Ticketmaster is trying to get rid of it while the Senate looks into the Taylor Swift debacle

WASHINGTON. The Senate Judiciary Committee met Tuesday to look into service issues and delays on the Ticketmaster website that have upset fans trying to buy tickets for Taylor Swift’s upcoming tour.

Here’s where you can watch the hearing.

Politico reported that Joe Berchtold, president of Ticketmaster’s parent company Live Nation, plans to blame the cyberattack on pre-sale glitches, based on his prepared remarks.

Sen. Amy Klobuchar, D-Mn., chair of the commission’s antitrust subcommittee, said in a press release ahead of the hearing that lawmakers will look into how the consolidation of the live entertainment and ticketing industry has hurt customers and artists.

“The problems in the ticketing industry in America became painfully clear when the Ticketmaster website let down hundreds of thousands of fans hoping to buy tickets for the new Taylor Swift tour, but these problems are not new,” Klobuchar said. “For far too long, consumers have faced high fees, long waits and website crashes, and Ticketmaster’s market dominance means the company is facing insufficient pressure to innovate and improve.”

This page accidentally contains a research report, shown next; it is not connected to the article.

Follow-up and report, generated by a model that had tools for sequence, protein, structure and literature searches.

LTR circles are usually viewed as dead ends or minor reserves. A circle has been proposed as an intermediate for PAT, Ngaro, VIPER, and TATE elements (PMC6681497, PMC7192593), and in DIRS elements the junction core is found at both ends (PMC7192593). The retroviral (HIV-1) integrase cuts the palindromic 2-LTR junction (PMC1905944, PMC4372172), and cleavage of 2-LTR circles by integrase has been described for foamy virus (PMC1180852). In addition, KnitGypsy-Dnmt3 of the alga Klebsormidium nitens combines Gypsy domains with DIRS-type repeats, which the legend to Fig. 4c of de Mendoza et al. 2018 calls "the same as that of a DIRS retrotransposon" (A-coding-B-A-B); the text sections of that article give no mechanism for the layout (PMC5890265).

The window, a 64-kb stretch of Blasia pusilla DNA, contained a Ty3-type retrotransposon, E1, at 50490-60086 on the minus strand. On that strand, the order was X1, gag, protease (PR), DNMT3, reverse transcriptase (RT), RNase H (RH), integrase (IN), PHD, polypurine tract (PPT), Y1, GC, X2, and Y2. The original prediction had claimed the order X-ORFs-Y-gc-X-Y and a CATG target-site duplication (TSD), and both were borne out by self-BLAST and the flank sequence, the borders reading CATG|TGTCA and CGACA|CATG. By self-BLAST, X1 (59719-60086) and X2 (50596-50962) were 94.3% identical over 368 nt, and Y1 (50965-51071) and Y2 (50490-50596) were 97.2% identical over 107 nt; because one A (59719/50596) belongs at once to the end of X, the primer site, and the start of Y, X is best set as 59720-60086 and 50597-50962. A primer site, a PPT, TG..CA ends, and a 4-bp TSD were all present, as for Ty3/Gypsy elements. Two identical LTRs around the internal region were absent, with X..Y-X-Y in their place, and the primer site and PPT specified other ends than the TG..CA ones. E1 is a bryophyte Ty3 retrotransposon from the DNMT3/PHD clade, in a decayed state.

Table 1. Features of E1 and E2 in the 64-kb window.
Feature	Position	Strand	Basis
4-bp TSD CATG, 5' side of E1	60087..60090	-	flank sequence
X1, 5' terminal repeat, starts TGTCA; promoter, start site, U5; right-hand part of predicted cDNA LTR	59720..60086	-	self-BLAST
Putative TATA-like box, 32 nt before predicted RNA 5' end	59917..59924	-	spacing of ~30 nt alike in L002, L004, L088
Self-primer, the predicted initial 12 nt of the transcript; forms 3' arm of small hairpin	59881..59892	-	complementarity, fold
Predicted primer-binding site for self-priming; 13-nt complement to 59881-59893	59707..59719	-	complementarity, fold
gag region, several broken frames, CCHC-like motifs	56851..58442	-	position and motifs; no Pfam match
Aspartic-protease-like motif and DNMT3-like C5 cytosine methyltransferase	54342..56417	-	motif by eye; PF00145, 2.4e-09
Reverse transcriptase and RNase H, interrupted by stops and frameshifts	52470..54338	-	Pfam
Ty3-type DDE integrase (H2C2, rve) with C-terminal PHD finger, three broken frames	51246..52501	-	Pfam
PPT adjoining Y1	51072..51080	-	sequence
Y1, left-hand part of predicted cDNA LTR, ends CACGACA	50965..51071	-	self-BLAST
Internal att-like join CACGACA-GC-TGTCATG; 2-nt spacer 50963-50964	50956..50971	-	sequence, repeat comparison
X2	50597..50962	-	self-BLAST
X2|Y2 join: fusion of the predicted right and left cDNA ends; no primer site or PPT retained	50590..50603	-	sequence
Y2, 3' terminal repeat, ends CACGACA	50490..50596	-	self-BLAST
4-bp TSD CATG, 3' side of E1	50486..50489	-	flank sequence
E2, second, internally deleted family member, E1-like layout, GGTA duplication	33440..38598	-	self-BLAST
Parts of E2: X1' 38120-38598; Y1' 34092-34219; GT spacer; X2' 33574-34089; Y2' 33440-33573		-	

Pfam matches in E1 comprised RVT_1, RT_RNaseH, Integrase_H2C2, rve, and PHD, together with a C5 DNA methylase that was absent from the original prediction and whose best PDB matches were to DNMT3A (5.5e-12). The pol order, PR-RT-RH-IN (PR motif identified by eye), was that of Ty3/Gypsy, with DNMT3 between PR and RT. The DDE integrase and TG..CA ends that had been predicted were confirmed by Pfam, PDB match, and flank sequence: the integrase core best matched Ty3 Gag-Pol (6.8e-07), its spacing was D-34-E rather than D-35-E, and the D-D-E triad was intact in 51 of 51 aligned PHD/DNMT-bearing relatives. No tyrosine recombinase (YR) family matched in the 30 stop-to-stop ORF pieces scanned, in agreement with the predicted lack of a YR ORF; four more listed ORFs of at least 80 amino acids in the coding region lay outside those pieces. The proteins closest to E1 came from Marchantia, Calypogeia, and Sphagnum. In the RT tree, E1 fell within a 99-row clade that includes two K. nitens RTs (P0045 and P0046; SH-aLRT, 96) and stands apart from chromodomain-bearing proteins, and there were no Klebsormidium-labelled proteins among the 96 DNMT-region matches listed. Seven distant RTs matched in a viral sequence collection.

Senators John Cornyn and Ted Cruz, Republicans of Texas, are members of the committee.

Cornyn said in an interview ahead of the hearing that he looks forward to sorting out the issues with automated accounts buying up tickets so they can be resold at exorbitant prices.

“There are a lot of people making big money that don’t benefit the artists or the venue, and I think, you know, we’d like to find a way to solve that problem,” Kornin said.

Cornyn noted that he and Klobuchar had previously teamed up to promote the Save Our Stages Act, which helped deal with the pandemic at live venues across the country.

Swift’s tour will take place at AT&T Stadium in Arlington from March 31 to April 2. Tickets for AT&T Stadium events are sold exclusively on SeatGeek.

The pre-sale of Swift’s “Eras Tour” was marred by delays and disruptions.

Ticketmaster and SeatGeek canceled public sales of the show due to a lack of tickets to meet demand.

Other witnesses due to testify Tuesday include Jack Groetzinger, CEO of SeatGeek; Jerry Mickelson, head of Chicago-based Jam Productions; and musician Clyde Lawrence, who was critical of Ticketmaster.

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